The 4 Day-Workweeks and the Mental Health Crisis at Work

Let me start by saying I’ve built a new destination for members-only content. It’s on Patreon and it is the next level after this. I will, of course, keep writing in these newsletters but I’ll reserve the juicy bit, the controversial parts and most of my boiling indignation for there. Expect “No one gets fired for buying IBM but they should” T-shirts or “Agile from the heart, not consultancy PowerPoint” mugs and all the other things I said that caused a fuss, in between a flurry of straight-shooting content from videos to blogs. No filter, no punches pulled, no wooden language, no lip service and no impression management. The real of the business world with topics from big tech to the cases of HumanDebt that are straight-up abusive and any other ideas we’ve been waltzing around here from business ghosting to bullying cultures and their endless examples to honest discussion about remuneration, how broken performance metrics are and how people may appear lazy when burned out. Could we talk about all this here? We can and have done but not in the same way and the time for pleasantries has passed, if we want to get ahead of this public health emergency in the workplace and to remain competitive we have to call a spade a spade. It’s not free but it’s worth it. Join me on there in an exclusive community where we’re keeping it unprecedentedly real. 

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This week I’ll gleefully admit we have had one big win in the world of work which is the amazing news of the success of the 4 days weeks experiment that went so very well that 100 other companies will moves straight to that model. Not that the employees will suffer no pay drop as a consequence as their hours are reduced. As I understand it, all the participants in the scheme managed to do one simple thing that albeit seemingly obvious has been missed as a step by many a bigger enterprise: explore what outcomes truly mean within their particular business and then communicate clear expectations to their employees. 

By doing this, they have ensured that the exact timing of work becomes less relevant than accomplishing the work itself and in the instances where this is possible, the ability to complete that work in whatever timeframe best suits the worker.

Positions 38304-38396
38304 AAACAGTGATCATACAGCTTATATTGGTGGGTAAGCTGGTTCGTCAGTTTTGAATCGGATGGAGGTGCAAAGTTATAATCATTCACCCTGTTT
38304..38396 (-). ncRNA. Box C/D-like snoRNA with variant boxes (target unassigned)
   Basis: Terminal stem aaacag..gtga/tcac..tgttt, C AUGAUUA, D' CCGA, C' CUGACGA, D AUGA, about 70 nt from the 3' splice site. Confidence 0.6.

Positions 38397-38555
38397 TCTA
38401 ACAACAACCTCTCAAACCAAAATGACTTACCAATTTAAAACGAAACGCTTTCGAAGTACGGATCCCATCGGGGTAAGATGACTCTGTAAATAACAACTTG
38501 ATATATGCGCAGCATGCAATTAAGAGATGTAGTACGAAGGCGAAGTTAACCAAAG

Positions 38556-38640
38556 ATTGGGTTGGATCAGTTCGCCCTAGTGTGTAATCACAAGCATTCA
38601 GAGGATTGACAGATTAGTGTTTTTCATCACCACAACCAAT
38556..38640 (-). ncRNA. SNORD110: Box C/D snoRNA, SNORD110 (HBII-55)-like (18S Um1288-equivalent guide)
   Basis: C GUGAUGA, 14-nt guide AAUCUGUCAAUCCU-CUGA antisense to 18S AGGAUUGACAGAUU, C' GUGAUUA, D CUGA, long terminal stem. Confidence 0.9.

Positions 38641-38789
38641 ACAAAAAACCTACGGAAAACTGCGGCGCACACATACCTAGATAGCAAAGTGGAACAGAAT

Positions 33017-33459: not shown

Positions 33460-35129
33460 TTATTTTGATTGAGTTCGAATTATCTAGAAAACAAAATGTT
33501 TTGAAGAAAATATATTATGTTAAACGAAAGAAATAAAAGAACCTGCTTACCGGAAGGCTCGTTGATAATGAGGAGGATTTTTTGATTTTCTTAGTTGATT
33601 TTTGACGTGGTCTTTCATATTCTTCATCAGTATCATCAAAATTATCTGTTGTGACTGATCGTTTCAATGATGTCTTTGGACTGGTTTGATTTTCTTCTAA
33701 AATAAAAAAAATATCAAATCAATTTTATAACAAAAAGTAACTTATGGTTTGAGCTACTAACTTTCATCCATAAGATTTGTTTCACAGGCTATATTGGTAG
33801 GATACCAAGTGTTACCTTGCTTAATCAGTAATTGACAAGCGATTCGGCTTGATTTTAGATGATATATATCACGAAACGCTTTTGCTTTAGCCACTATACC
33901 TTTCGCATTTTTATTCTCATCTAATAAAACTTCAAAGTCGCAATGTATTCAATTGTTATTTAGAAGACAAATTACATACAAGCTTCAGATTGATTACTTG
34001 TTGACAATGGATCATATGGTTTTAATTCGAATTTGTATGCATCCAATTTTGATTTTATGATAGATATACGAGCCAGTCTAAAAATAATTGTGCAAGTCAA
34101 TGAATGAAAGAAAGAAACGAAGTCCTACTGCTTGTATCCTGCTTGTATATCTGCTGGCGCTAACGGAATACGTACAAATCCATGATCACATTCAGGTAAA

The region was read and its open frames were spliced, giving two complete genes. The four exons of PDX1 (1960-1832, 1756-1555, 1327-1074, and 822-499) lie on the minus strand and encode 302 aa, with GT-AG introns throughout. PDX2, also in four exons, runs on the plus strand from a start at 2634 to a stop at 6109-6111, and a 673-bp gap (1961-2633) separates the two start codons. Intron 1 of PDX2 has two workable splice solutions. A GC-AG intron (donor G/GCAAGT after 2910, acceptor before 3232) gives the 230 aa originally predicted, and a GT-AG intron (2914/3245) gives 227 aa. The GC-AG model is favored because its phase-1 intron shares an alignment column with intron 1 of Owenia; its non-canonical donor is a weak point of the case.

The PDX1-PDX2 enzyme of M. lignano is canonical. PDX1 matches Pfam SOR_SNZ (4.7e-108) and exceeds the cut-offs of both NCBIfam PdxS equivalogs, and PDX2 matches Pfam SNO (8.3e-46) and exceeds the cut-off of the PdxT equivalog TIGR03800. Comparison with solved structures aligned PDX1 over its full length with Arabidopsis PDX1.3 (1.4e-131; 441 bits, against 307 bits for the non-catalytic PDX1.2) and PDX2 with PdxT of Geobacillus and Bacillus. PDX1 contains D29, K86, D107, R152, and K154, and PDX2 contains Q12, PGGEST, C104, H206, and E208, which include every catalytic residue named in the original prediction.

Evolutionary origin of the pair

A focus on performance and outcomes is what would have been an incredible secret weapon in anyone’s arsenal if only most enterprises would have framed an open, blue-sky, tabula rasa discussion about the future of work and the true definition of flexibility from the beginning but here we are, years “after the pandemic” and covered in new work policies of all kinds while most organisation have never undertaken this all-important co-creation mechanism.

We’ve also seen a bit of an awakening to the topic I most deplore: the mental health crisis brewing at all levels of the workplace. This article in the FinancialTimes comes complete with some terrifying stats about the number of adults in the UK who are medicated for anxiety and depression. 

How much of this crisis is workplace created or at least dependant we can only estimate but irrespective of what has caused it, the fact of the matter remains, we can no longer ignore the fact that we are asking unwell people to show up as if they are in perfect shape and we perpetuate a climate of stigma and lack of support that makes their lives unliveable anywhere that doesn’t actively cause this state of the overall mental health of their employees. Is it ethical to continue under the pretence of not being aware that people are suffering? Is management under any kind of illusion that their particular industry or department or team is magically exempt from these terrifying stats? No, it’s more likely that management themselves are unwell and unengaged as a result so there’s really no one left to bemoan the status quo and usher in change. 

Now don’t get me wrong, the awakening is brilliant news. Being clear and being sufficiently alarmed is absolutely mandatory at this juncture but the real question is whether or not anything will be done. Making support lines clearer and more widely available, any time of private counselling and coaching the enterprise can afford but more urgently than ever, empowering your own workers to start getting better, start working on themselves and the team with self-care, respect, trust, emotional investment and higher EQs and generally do the human work that will make them feel better and remain afloat while more help is on its way where needed will be a mark of common sense and morality of the part of any organisation who will rush into these measures. Those who keep their heads in the sand will be hit in ways they can’t even imagine at this point. 

Where are you? Where is your enterprise on these topics? 4-day week in your future? Help and encouragement for the human work in place? Counselling or coaching and recognition towards the crisis of mental health around? If not you don’t have to stay, there’s enough mobility left in the job market that you can save your own mental state by finding a better place. 

Related: Is the Knowledge Workers’ Revolution Brewing?